fbpx

Tracking Your Past

Doris Green

Good news! Family historians who pause now and then to read genealogical fiction are cheering the announcement that Wisconsin author Kathleen Ernst has found a new publishing home for her Chloe Ellefson mystery series. The series follows the heroine’s adventures in solving mysteries set in various historic sites, from Old World Wisconsin to Pendarvis. Number 11 in the series, “The Weaver’s Revenge,” is expected to appear in spring 2021 from Three Towers Press, an imprint of Henschel Haus Publishing, Milwaukee.

Ernst worked at Old World Wisconsin for a dozen years, wrote educational programs for public television, and authored award-winning children’s books for American Girl, as well as the Chole Elefson series. Her research delves deep, including travel, ethnic handwork and cooking that bring a time and place to life and add credibility to her written words.

Reading genealogical fiction can spark our own research directions when facing those inevitable brick walls. Fiction may suggest new research routes to explore. A novel may broaden a too-narrow focus on our particular roadblock and distract us enough to allow a more innovative approach into our overtaxed brain.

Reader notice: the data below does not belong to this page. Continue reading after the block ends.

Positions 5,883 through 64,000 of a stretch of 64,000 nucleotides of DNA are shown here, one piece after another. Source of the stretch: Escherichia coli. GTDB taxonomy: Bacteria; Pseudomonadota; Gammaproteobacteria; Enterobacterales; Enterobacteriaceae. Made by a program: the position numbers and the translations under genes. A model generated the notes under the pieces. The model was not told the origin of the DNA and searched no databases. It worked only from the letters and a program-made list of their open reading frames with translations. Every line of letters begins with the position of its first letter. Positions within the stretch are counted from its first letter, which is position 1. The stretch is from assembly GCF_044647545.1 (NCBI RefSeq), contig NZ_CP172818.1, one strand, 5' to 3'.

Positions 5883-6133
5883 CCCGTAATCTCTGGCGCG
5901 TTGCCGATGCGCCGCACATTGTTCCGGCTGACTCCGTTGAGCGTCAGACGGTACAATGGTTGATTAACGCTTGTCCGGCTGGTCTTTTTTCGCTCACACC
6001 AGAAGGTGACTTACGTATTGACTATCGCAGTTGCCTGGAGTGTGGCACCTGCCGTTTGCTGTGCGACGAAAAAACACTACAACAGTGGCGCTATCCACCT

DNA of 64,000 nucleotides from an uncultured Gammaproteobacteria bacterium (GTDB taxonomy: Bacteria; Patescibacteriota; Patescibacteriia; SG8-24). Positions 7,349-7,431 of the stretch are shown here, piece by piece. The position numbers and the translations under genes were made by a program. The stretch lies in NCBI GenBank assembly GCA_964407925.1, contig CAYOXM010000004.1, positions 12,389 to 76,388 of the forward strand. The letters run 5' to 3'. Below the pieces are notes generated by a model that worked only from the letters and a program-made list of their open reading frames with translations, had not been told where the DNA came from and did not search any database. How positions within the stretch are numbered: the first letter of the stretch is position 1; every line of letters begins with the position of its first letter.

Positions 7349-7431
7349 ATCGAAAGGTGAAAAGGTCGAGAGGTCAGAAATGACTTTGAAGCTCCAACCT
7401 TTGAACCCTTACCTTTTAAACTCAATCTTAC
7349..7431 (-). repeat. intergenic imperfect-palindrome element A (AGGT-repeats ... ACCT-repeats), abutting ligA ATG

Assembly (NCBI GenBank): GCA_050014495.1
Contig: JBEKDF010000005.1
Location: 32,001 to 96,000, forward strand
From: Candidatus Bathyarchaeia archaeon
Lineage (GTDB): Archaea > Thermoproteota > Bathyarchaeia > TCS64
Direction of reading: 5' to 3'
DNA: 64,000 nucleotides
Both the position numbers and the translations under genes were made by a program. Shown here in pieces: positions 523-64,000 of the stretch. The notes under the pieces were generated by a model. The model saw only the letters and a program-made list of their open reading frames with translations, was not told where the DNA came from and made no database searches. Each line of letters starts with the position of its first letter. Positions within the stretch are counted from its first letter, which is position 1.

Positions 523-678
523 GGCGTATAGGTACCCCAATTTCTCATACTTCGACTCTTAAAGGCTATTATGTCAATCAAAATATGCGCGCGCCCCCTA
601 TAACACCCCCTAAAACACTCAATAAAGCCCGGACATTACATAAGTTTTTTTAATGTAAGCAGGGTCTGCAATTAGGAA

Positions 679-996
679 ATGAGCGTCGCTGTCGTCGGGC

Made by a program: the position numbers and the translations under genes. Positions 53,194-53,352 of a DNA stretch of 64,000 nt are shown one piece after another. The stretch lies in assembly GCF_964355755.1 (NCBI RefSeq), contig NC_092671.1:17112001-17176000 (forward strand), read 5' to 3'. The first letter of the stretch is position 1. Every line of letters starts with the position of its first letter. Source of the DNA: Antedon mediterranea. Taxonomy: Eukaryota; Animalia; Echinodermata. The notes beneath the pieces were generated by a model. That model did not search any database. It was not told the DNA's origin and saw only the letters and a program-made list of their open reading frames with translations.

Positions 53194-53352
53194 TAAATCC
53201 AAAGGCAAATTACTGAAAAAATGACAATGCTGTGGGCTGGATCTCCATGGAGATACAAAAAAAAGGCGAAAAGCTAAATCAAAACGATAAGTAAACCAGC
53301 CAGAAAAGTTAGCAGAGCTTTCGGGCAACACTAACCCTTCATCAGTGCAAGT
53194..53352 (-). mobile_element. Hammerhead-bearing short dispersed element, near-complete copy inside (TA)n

Options abound. If you want to read an Irish genealogical story, consider “Shannon,” by Frank Delaney, or “The Irish Inheritance,” by M. J. Lee. 

British author Nathan Dylan Goodwin’s genealogical crime stories are set in England, where his main character Morton Farrier solves crimes as well as his own family history mysteries. For a taste of Goodwin’s work, read a short story free at nathandylangoodwin.com. “Morton Farrier in Lockdown” is an unusual type of story in which you, the reader, control where the story leads. There are hyperlinked options throughout giving you a choice in the plot: Should Morton go to the shop? Or answer the phone? Goodwin suggests the use of a desktop or laptop computer rather than a mobile phone or tablet for the best viewing.

While a significant number of genealogical novels feature British Isles research, you can find fiction focused on other cultures. Chloe is Norwegian and the characters are Swedish in Fannie Flag’s “The Whole Town’s Talking.” Also of interest: “The All-Girl Filling Station’s Last Reunion,” in which a leading Southern lady searches for her biological roots and uncovers a fascinating story about the World War II female pilots, the WASPs.

Other places to narrow down your search for your next fiction break include genealogist Lisa Louise Cook’s website https://lisalouisecooke.com/genealogy-book-club and Goodreads https://www.goodreads.com/shelf/show/genealogy-fiction.  

Doris Green authored “Elsie’s Story: Chasing a Family Mystery” and “Wisconsin Underground: A Guide to Cave, Mines, and Tunnels.” Now available: “Minnesota Underground: A Guide to Caves & Karst, Mines & Tunnels” is co-authored Greg Brick. Contact http://henschelhausbooks.com, Amazon or your bookstore. 

No Comments Yet

Comments are closed